A volunteer organization started by a Miami local has collected and disposed of 31,552 pounds of waste from South Florida beaches since 2019.
Clean This Beach Up, along with more than 20 volunteers equipped with gloves, buckets and trash bags, gathered last month and removed 851 pounds of waste from the small Pace Picnic Island near the city of Miami. That made the group’s total amount of waste removed from South Florida beaches 31,552 pounds.
The group listed the “clean-up” event on the app Eventbrite and invited volunteers to arrive at 10:30 a.m. on a bright Monday morning to remove as much waste as possible from Pace Picnic Island.
Sasha Galvez said she and other volunteers removed piles of used beer cans, cigarette buds, plastic plates, plastic cups and plastic silverware.
“It’s really disgusting, and it’s hard to believe that just anyone, like your friends from school, could come out here and be so irresponsible,” Galvez said. “No one really thinks about where all this litter goes after it’s just left behind. And it’s sad that volunteers are the only ones coming to clean it up.”
Nicholas Silva, a member of Clean This Beach Up who helps orchestrate the cleanup events, said most of the waste the volunteers removed was from spring-break crowds.
“A lot of the trash we found today is from spring break, and I’m sure we didn’t get all of it,” Silva said. “We’re out here because this is a problem that’s not being solved by the government.”
Maria Algarra, a Columbian immigrant and South Beach resident, said she founded Clean This Beach Up in 2016 with a small group of friends because of her concerns for climate change and her frustrations with the local governments’ response.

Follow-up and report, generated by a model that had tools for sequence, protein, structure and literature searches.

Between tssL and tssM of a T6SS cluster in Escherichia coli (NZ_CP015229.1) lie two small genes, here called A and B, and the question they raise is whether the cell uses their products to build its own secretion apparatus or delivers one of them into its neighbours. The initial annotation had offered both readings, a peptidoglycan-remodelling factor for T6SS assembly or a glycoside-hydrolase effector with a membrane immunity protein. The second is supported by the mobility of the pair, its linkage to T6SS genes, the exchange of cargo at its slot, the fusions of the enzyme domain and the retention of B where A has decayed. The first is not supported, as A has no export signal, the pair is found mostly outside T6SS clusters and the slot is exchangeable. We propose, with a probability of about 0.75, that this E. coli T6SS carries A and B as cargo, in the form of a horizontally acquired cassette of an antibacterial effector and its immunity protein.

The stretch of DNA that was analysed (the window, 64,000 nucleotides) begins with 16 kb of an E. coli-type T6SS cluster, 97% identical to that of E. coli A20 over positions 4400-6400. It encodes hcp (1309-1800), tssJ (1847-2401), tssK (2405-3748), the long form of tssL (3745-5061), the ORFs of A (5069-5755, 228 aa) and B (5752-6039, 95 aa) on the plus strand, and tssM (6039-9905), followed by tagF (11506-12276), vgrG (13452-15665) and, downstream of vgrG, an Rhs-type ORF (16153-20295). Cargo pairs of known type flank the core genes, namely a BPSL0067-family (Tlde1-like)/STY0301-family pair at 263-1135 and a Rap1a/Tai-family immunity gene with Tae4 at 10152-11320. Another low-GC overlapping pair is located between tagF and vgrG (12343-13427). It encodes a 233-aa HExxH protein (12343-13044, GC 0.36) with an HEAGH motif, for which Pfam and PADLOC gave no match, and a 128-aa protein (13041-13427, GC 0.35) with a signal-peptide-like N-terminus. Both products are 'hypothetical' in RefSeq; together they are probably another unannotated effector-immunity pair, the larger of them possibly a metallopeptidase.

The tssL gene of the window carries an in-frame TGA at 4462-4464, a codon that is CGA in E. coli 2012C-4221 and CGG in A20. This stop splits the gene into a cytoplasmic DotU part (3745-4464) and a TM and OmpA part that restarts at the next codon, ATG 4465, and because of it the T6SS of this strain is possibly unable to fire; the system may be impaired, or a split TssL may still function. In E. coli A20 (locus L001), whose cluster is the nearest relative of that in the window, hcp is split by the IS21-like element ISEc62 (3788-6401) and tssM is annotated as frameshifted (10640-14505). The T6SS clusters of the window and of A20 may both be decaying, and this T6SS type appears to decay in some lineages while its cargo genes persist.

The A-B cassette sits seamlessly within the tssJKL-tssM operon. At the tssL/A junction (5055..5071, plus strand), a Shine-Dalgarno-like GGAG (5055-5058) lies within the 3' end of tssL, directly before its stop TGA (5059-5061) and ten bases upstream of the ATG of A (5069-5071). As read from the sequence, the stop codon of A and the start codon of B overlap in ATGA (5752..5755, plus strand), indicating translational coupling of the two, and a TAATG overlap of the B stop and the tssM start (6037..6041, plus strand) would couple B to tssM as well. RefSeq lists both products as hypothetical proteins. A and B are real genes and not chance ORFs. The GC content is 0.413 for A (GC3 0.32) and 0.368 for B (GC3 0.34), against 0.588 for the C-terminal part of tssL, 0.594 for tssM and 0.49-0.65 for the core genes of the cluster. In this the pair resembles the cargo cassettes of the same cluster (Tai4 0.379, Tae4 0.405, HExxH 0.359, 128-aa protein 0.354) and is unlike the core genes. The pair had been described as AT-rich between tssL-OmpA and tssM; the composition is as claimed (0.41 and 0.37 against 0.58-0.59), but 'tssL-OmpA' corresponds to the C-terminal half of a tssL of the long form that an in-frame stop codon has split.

“This is a crisis that isn’t being given enough attention, and the government is just trying to save money,” Algarra said.
Algarra started Clean This Beach Up as a small group of volunteers focused on bringing young people out to clean the beaches, but has since grown to become an organized environmental conservation organization.
“We started with just a few people at our clean ups and since then we’ve grown so big over the last couple of years,” Algarra said. “We now have 17,000 followers on Instagram, and we’re beginning to become more involved with the South Florida community.”
Algarra said Clean This Beach Up has been using social media to bring awareness to climate change, plastic pollution and petitions to get South Florida governments to ban single use plastics, which she said is the single biggest threat to Florida wildlife.
“They’ve banned [many] single-use plastics in Miami Beach, and it works,” she said. “I don’t understand why we can’t do that for all of South Florida.”
Algarra said Clean This Beach Up has also encountered a rise in waste due to the COVID-19 pandemic.
“COVID has made things worse in a lot of ways, but for us it’s the problem of people leaving their masks everywhere that’s really dangerous,” she said. “If you’re not going to wear a mask, at least throw it away properly.”
Algarra said she has high hopes for the future. Clean This Beach Up continues to add new members and host big clean-up events.
“It’s a lot of fun. Everyone always has a good time, and you’re doing something important,” Algarra said. “You save a life for every piece of trash or plastic you pick up.”
CORRECTION: This story has been updated to correct the year the organization started.